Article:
Remember those glorious yet all too fleeting days last summer when COVID-19 cases were at their lowest levels and we could actually socialize?

We speculated, and even assumed, the warmer weather and fresh outdoor air was the enabling factor for the short-lived visits with friends. But what does recent Canadian research say about the impact of climate?

In the first Canadian study to use daily meteorological data, researchers looked at the relationship between ambient temperature and COVID-19 incidence in four provinces. They analyzed over 77,700 COVID-19 cases from Alberta, British Columbia, Ontario, and Quebec from January to May 2020. They adjusted for factors like precipitation and wind speed and found a weak association (not statistically significant) between infections and ambient temperature. In other words, their findings did not support the hypothesis that warmer temperatures reduce COVID-19 transmission.

However, we can suspect the study might have been more persuasive one way or another if it had examined data throughout the summer instead of the winter to spring duration. Indeed, study co-authors Teresa To and Kimball Zhang said it’s possible that the relationship between temperature and COVID cases may not be as strong in colder months. In an emailed response to questions, To said:

“We did not find a statistically significant association between total cases or effective reproductive number of COVID-19 and ambient temperature. We were very cautious with our findings because trying to find a relationship between a specific weather factor and COVID-19, independent of other weather, biological, and social factors is very difficult since the effects of other factors simultaneously complicate and muddle the relationship we’re trying to find.

“Asserting a causal link between temperature and COVID requires caution as the spread of COVID  is dependent on many factors and not temperature alone.  That being said, in colder months, when people tend to stay inside more where air circulation is an issue, it may be a contributing factor to the increase of spread of COVID.”

She said that variants of concern may currently be leading to higher contagion. “But I caution you not to jump to conclusions too soon about causation when things are still evolving and knowledge is still new.”

In another study, the authors looked at a broad range of other factors, including pollution, weather, age, and sex. They found that it was actually UV radiation from sunlight that impacted COVID-19 case incidence; stronger UV from sunlight was associated with lower case counts of COVID-19 and a lower reproductive number. Still, the authors are cautious about interpreting too much into it since other factors, like lockdowns, disinfection habits and mask-wearing, also affect results.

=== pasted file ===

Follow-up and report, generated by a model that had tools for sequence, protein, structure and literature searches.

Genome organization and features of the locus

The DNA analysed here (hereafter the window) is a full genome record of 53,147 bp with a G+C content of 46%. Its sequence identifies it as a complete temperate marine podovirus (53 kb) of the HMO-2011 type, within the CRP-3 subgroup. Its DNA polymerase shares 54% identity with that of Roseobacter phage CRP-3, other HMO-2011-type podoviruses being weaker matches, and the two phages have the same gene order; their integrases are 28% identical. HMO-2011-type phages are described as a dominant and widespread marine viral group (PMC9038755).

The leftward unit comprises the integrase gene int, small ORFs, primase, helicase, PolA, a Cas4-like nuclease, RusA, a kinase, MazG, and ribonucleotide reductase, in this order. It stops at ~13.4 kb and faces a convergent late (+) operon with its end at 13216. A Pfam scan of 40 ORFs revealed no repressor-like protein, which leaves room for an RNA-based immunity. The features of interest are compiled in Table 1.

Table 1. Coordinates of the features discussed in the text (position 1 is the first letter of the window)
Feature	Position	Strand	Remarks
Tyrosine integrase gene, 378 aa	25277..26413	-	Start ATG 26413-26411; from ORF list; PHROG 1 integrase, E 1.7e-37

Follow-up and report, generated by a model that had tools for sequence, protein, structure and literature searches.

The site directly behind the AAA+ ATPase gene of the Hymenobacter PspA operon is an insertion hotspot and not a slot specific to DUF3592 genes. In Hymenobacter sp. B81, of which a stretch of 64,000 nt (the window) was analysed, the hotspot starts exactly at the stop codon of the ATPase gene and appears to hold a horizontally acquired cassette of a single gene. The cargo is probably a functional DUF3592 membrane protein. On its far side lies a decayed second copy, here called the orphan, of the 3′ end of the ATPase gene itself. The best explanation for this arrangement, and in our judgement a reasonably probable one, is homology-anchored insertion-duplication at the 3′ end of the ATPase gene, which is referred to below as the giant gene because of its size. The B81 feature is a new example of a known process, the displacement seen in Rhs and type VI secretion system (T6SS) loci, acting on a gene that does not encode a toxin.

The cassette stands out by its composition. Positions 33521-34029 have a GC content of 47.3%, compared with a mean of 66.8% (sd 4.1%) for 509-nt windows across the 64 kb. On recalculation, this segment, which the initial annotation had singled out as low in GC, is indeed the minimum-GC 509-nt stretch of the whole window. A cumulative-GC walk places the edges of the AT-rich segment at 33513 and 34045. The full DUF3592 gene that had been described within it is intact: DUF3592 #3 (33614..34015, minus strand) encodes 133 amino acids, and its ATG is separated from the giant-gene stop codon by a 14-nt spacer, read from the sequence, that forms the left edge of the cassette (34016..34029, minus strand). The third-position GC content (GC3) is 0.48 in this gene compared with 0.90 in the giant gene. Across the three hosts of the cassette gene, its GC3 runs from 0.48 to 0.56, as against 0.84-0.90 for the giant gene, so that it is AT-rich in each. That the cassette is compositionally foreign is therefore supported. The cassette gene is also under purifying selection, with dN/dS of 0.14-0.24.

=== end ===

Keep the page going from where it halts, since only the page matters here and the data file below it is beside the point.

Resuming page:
Dr. Bonnie Henry, B.C.’s provincial health officer, has often remarked on ambient temperatures as a factor in the pandemic saying things like this:

“Once we get enough vaccine into people, we’re going to see a dramatic drop-off in the virus. We also know it doesn’t seem to spread as easily in the spring and summer months. So we’ve got a lot of things on our side.”

Yet the World Health Organization has tried to counter assumptions about climate and ultraviolet light with this infographic:

The public can be forgiven for feeling confused when public health experts make comments that seem to appear to conflict with the evidence or with each other. Vaccinations – not changing seasons – remain our best hope for reducing cases of COVID, not sunbathing.

Dr. David Fisman

Dr. David Fisman, an epidemiologist and professor at the University of Toronto, said research on associations between seasons, weather and COVID-19 is complex. And there’s long been a search for the interplay between infectious diseases and environmental factors.

“Ground-level ozone, temperature, and UV radiation are all extremely seasonal, as are humidity, precipitation, and other air pollutants.  As well, school terms and holiday vacations all happen with periodicity so teasing apart effects in ecological data can be really challenging.”

Still, he thinks the potential role of natural ultraviolet light in lower COVID transmission rates seems plausible.
“UV radiation has effects both on pathogens. It busts up their genetic material and effects on hosts. It boosts vitamin D levels which have an important role in immune function.  We found an impressive UV effect a few years ago in studies looking at meningococcal disease in Philadelphia ( though we did not find this to be a generalizable effect in other cities. (”